California's Fair Pay to Play & the NCAA
November 6th, 2019
Contributor: Kevin P. O'Keefe
College athletes' ability to profit from their name, image, and likeness
On October 29, 2019, the NCAA Board of Governors, led by Ohio State President Michael Drake, unanimously voted to allow college athletes to benefit from their name, image, and likeness. This is an abrupt about-face for the NCAA, which recently referred to the issue as an existential threat. The NCAA’s official statement touts its modernization, but it includes several mandatory principles that may run counter to its vote, including a requirement the NCAA “make clear that compensation for athletic performance or participation is impermissible.”
It is not free market compensation that is contemplated by California’s law. California’s September 2019 passage of The Fair Pay to Play Act (Senate Bill 206) made national headlines as the most recent assault on the NCAA’s amateurism requirement and tax-exempt status.States acted quickly in response. Democratic representatives from Florida and Illinois proposed similar bills on September 30, 2019. On October 30, the Illinois House of Representatives approved the bill. Legislators from both parties in Colorado, Kentucky, Minnesota, Nevada, New York, Pennsylvania, and South Carolina are drafting and developing similar legislation. Today, November 6, 2019, Michigan lawmakers proposed a bill modeled after California's legislation.
In pertinent part, California’s bill states:
"A postsecondary educational institution shall not uphold any rule, requirement, standard, or other limitation that prevents a student of that institution participating in intercollegiate athletics from earning compensation as a result of the use of the student’s name, image, or likeness. Earning compensation from the use of a student’s name, image, or likeness shall not affect the student’s scholarship eligibility."
Following the passage of California’s bill, the NCAA continued to threaten a ban of California member schools from national championship competition. They had threatened this since June, so California legislators included Section 2(a)(3) which prohibits such action. It is a wise move, and one likely supported by United States Supreme Court precedent.
In 1984, the United States Supreme Court ruled in favor of the Universities of Georgia and Oklahoma under the Sherman Antitrust Act. NCAA v. Board of Regents. 468 U.S. 85 (1984). The universities challenged the NCAA’s cap on televised football games. The NCAA unsuccessfully argued that this would create unfair competition. As is obvious now, the cap on television rights violated antitrust law. Indeed, major conferences and even the University of Texas now have their own television networks. The NCAA’s threatened embargo of those institutions violated antitrust law in 1984, and its recent actions infringing on name, image, and likeness rights for athletes continued to do so.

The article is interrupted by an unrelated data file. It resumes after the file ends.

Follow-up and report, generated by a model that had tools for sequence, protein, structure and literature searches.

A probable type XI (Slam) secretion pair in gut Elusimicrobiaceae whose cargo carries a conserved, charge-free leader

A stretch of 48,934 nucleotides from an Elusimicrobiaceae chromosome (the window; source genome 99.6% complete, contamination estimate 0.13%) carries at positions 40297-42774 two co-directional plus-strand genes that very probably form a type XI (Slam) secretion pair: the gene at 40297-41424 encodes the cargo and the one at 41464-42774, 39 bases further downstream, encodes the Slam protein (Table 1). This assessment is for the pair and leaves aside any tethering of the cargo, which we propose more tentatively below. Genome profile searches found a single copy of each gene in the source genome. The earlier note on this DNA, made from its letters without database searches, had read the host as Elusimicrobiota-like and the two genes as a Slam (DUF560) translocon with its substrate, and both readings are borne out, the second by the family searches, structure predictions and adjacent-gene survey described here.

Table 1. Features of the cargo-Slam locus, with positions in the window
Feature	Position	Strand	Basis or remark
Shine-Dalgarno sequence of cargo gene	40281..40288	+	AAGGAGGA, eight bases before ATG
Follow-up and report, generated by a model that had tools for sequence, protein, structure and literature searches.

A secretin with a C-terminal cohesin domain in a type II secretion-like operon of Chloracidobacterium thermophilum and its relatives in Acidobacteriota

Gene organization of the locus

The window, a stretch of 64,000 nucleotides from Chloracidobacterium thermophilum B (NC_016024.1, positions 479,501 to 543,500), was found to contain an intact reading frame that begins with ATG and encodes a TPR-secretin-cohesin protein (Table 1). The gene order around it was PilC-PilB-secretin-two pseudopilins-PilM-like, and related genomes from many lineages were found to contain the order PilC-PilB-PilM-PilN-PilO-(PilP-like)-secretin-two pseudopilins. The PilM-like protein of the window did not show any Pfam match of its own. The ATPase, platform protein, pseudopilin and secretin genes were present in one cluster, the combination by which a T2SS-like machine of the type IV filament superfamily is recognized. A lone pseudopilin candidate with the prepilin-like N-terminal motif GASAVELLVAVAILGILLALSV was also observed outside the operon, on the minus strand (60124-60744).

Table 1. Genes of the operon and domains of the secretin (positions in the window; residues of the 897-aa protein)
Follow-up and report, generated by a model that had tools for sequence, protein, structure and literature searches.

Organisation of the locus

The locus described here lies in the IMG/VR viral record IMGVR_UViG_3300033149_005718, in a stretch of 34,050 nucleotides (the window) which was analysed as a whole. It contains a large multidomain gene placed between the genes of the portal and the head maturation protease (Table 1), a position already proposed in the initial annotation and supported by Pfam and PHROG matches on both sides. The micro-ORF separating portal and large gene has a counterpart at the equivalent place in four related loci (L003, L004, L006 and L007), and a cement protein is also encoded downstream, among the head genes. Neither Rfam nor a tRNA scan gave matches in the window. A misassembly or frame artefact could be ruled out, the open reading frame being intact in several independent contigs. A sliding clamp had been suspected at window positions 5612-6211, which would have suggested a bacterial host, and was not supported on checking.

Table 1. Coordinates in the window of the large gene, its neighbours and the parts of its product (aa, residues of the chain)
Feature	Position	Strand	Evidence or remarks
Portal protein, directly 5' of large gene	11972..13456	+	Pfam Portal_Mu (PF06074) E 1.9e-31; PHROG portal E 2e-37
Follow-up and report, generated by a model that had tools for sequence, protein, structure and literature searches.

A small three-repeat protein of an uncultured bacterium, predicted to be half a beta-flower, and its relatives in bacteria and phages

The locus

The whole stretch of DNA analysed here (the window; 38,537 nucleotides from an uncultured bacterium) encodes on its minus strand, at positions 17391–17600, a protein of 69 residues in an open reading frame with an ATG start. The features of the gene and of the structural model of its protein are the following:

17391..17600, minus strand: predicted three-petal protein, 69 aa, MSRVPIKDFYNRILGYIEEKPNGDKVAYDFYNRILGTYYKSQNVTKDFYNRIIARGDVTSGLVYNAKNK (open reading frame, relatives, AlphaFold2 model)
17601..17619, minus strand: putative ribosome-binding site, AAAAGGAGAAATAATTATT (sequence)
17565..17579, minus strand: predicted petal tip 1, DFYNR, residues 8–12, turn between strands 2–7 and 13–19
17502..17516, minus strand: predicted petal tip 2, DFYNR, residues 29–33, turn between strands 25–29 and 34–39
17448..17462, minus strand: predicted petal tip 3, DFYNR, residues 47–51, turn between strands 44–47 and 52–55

The proposed NCAA changes are set to go into effect in January of 2021 – but don’t count on it. The NCAA’s own website has overtly stated concerns that this will lead to pay for play, though most accept that this presently occurs through the efforts of booster organizations. The bigger legal battle confronting the NCAA is the one that student-athletes are waging as they edge ever closer to becoming employees rather than amateurs. Northwestern University athletes tried unionizing in 2014, and did not exactly lose. Instead, the National Labor Relations Board issued the following statement after declining jurisdiction on the issue:
In the decision, the Board held that asserting jurisdiction would not promote labor stability due to the nature and structure of NCAA Division I Football Bowl Subdivision (FBS). By statute the Board does not have jurisdiction over state-run colleges and universities, which constitute 108 of the roughly 125 FBS teams. In addition, every school in the Big Ten, except Northwestern, is a state-run institution. As the NCAA and conference maintain substantial control over individual teams, the Board held that asserting jurisdiction over a single team would not promote stability in labor relations across the league. This decision is narrowly focused to apply only to the players in this case and does not preclude reconsideration of this issue in the future.
It appears evident that the NCAA will fight any measures to become a taxable employer that has to collectively bargain with student athletes.
Categories: Sports Law